Her venous feet.
Her depressed top torso.
Her only two teeth.
Her misaligned and slanted eyes.
Her mangled locks of hair.
Her embodiment is humanism.
The sculpture titled Mary Magdalene, created in Florence, is the epitome of humanism art. Created by Donatello, the artistic work shows Mary Magdalene, an important figure in biblical literature, in her natural and human state. Beauty is copious in this statue, but none of it would be considered by merely aesthetic. If one were to view art that was pleasing to the eyes, then they can look upon Donatello’s David statue. If one were to view art that pleases their ethos and compassion, then they can look upon Donatello’s Mary Magdalene statue.
Humanism is the underlying definition of the Renaissance movement. In years previous, art was used to show humans in their superficial condition with chiseled bodies against gorgeous backgrounds. However, the advent of humanism displaced the standard style of art. Humanism has a core of realistic philosophy. To please the art purchasers who favor humanistic styles (for example, the powerful Medici family), artists created art that would fetch them a pretty dime as well as be recognized. Donatello demonstrated his ability to be both supportive of realism as well as surrealism.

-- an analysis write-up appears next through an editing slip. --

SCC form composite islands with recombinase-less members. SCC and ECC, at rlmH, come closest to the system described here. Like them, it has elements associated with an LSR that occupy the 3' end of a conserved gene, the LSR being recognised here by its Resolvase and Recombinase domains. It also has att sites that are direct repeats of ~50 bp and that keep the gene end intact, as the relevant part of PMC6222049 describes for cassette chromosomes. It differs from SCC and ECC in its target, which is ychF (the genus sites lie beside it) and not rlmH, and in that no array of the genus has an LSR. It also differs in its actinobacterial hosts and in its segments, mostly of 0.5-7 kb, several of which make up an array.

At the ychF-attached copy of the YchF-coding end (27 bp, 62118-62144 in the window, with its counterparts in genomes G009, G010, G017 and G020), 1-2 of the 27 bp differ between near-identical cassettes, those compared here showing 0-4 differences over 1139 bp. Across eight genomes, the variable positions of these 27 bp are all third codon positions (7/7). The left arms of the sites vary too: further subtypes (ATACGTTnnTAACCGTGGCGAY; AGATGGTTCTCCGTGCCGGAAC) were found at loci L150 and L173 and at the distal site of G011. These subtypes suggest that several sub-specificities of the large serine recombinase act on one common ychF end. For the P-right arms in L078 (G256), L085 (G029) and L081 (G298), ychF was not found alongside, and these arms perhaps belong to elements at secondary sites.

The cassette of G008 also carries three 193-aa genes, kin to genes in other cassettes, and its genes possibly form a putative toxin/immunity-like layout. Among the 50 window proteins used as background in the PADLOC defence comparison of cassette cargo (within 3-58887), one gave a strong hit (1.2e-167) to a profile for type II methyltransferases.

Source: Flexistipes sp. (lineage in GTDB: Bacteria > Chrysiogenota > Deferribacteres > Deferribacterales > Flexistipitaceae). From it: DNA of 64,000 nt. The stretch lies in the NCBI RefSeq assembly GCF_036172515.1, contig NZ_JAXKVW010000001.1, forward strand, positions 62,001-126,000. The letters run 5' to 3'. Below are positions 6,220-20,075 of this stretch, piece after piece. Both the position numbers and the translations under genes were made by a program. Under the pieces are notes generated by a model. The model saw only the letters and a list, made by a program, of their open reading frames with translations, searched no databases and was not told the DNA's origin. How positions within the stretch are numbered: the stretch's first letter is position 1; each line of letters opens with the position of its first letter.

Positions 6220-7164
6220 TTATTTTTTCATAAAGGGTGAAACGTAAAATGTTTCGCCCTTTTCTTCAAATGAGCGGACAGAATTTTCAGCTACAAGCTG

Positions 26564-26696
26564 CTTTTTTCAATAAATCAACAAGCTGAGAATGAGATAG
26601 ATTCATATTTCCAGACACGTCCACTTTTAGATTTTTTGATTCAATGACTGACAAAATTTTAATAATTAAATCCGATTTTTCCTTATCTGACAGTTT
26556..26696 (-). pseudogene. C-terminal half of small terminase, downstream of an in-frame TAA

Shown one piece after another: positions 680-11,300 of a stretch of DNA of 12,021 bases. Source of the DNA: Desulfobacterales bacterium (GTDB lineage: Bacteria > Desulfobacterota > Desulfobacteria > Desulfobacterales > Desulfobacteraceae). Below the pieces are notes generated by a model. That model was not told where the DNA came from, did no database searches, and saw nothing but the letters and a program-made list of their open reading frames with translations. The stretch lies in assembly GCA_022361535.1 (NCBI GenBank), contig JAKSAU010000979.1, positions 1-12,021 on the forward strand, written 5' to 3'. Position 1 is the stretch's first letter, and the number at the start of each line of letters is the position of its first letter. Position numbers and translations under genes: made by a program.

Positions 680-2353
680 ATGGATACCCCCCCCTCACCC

Created during a period of 1453 to 1455, the statue is considered to be Donatello’s “most expressive” works. The expression could be created by the amount of time dedicated to the project or the expense of resources used. It is more agreed, however, that the power of the statue’s expression comes from its ability to connect with the observer.
Our ethos creates compassion and empathy for a fellow human who has been unlucky. The demonstration of Mary’s pleading hands and her malnourished body stirs our inner feelings. Ethos is targeted by humanism. Humanism and empathy co-relate. The sculpture is my favorite work of Renaissance art because it utilizes, and also demonstrates, humanism in pure form.